That was a regulation that had a fairly limited employer impact, but there was plenty of fodder in the ACA for angst to be created among employers of all sizes and shapes — and their brokers as well.
“I can’t think of an employer I talked to or worked with,” Ditty said, “where the law is not driving them in many instances to be more proactive about how they manage their benefit programs. … They have really become progressive in what they are doing from a strategic standpoint.”
For those employers lucky enough to have Power Brokers as their consultants, the process will run a bit smoother and the results will likely be a bit better, even as the demands on them increase and the regulations continue to change.
Power Broker Rising Stars
Judging the talent employed by commercial insurance brokers leads us to one conclusion; optimism is the order of the day.
As we discovered this year, not only are the ranks of high-achieving younger brokers as strong as ever, they are increasing in number.
We’ve renamed our Power Broker® “Under 40” category to “Rising Stars” to better celebrate this wave of talent and to focus on an important point. Yes, this is a younger group of professionals, all of them under 40, but it’s more on point to think of them as the future leaders of this profession.
As Power Broker® winners and finalists, this set of Rising Stars demonstrated a superior level of creativity in finding solutions for their clients, unflagging customer service and a devotion to learning more about their industry.
Just four years ago, the number of brokers honored by this designation hovered around 40. Last, year, there were 54 Power Broker® winners and finalists recognized in the Under 40 category.
Over the next few pages, you will see the names and affiliations of 77 brokers we recognize as Rising Stars. Since the launch of this category in 2009, more than 250 brokers under 40 received the designation.
The average age of the Rising Stars designees is 36. They represent a powerful wave of talent that is bolstering a profession, which like many other professions will be challenged to replace talent as the baby boomers retire.
For this group of Rising Stars, a career in commercial insurance brokerage is a compelling challenge that results in rich rewards.
“I really enjoy telling ‘the story’ on behalf of my client to the insurance carrier, to pique their interest in an account,” — Ashley De Paola, assistant vice president, Alliant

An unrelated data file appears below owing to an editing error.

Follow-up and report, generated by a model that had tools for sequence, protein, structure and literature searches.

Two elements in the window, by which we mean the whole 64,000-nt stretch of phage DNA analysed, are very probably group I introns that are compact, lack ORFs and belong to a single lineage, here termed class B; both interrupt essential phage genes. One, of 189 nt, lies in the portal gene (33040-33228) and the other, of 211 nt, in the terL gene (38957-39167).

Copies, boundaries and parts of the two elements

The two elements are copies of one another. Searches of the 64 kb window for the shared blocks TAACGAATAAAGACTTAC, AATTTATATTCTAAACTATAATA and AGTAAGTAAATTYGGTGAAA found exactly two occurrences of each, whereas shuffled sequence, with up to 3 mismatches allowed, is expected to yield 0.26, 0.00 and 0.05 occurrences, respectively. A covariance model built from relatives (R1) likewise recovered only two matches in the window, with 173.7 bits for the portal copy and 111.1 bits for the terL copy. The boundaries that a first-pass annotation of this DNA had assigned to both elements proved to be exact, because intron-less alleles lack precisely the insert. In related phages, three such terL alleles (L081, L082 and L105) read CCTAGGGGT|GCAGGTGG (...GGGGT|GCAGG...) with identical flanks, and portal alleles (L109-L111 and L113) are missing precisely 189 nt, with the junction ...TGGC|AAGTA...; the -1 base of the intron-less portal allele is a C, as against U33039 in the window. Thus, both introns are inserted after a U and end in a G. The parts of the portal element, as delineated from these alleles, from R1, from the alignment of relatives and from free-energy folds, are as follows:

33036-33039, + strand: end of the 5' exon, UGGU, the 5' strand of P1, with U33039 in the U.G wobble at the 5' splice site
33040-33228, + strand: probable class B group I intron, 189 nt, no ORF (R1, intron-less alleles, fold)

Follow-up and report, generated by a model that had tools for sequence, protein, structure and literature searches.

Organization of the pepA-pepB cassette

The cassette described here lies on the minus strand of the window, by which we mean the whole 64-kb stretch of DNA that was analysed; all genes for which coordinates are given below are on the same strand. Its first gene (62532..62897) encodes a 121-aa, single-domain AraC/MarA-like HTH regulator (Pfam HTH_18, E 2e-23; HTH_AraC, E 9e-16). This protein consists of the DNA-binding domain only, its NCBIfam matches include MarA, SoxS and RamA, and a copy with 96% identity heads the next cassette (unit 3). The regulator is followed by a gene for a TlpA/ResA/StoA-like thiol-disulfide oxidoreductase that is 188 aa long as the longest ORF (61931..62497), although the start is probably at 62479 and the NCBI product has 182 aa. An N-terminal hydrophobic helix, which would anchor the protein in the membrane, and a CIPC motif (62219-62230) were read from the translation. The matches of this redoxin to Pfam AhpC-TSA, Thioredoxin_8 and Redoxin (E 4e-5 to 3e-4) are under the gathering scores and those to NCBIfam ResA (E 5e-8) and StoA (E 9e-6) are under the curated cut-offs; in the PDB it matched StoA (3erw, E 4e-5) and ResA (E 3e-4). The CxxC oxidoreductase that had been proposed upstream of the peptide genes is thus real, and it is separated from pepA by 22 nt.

We first came to know Lockton’s Christopher Keith when he broke into the Power Broker® ranks as a winner in the Workers’ Compensation category in February 2013.
In those days, Keith worked for the Philadelphia-based Graham Co. Keith, 39, said it’s the “entrepreneurial” nature of the business that he finds so rewarding.
“I like the fact that I am managing my own profit and loss statement,” said Keith, who this year achieved Power Broker® status in the Aviation category.
At Lockton’s annual President’s Dinner, he was recognized as the “prototype” Lockton producer.
“I’m very proud of that,” he said.
Alliant’s Ashley De Paola, 33, a 2016 Power Broker® in the Real Estate category, said it’s the quick-paced, evolving atmosphere of commercial insurance brokerage that excites her.
“I really enjoy telling ‘the story’ on behalf of my client to the insurance carrier, to pique their interest in an account,” De Paola said.
Earlier in her career, a client expressed his concern over her age and experience. Her review of his insurance program changed his mind.
“It was very rewarding when he later asked me to work on his business,” she said.
Beecher Carlson’s Joe Roberta, a 2016 Power Broker® winner in the Private Equity category, has several reasons he likes working in this industry. Top of the list is that this is a very “social industry.”
“I truly enjoy working with people that I’ve been fortunate enough to build long-term relationships with,” he said.
Justin Wiley, 32, Power Broker® winner in the Public Sector category, works for Arthur J. Gallagher & Co., which prides itself on its mentoring efforts.
The company sent Wiley to Orlando, Fla., to work with veteran Rich Terlecki, himself a multiple Power Broker® winner.
“My goal was to learn and gather from him as much intellectual capital as possible,” Wiley said.
Clearly, Terlecki taught him well.
The 2016 Power Broker® Rising Stars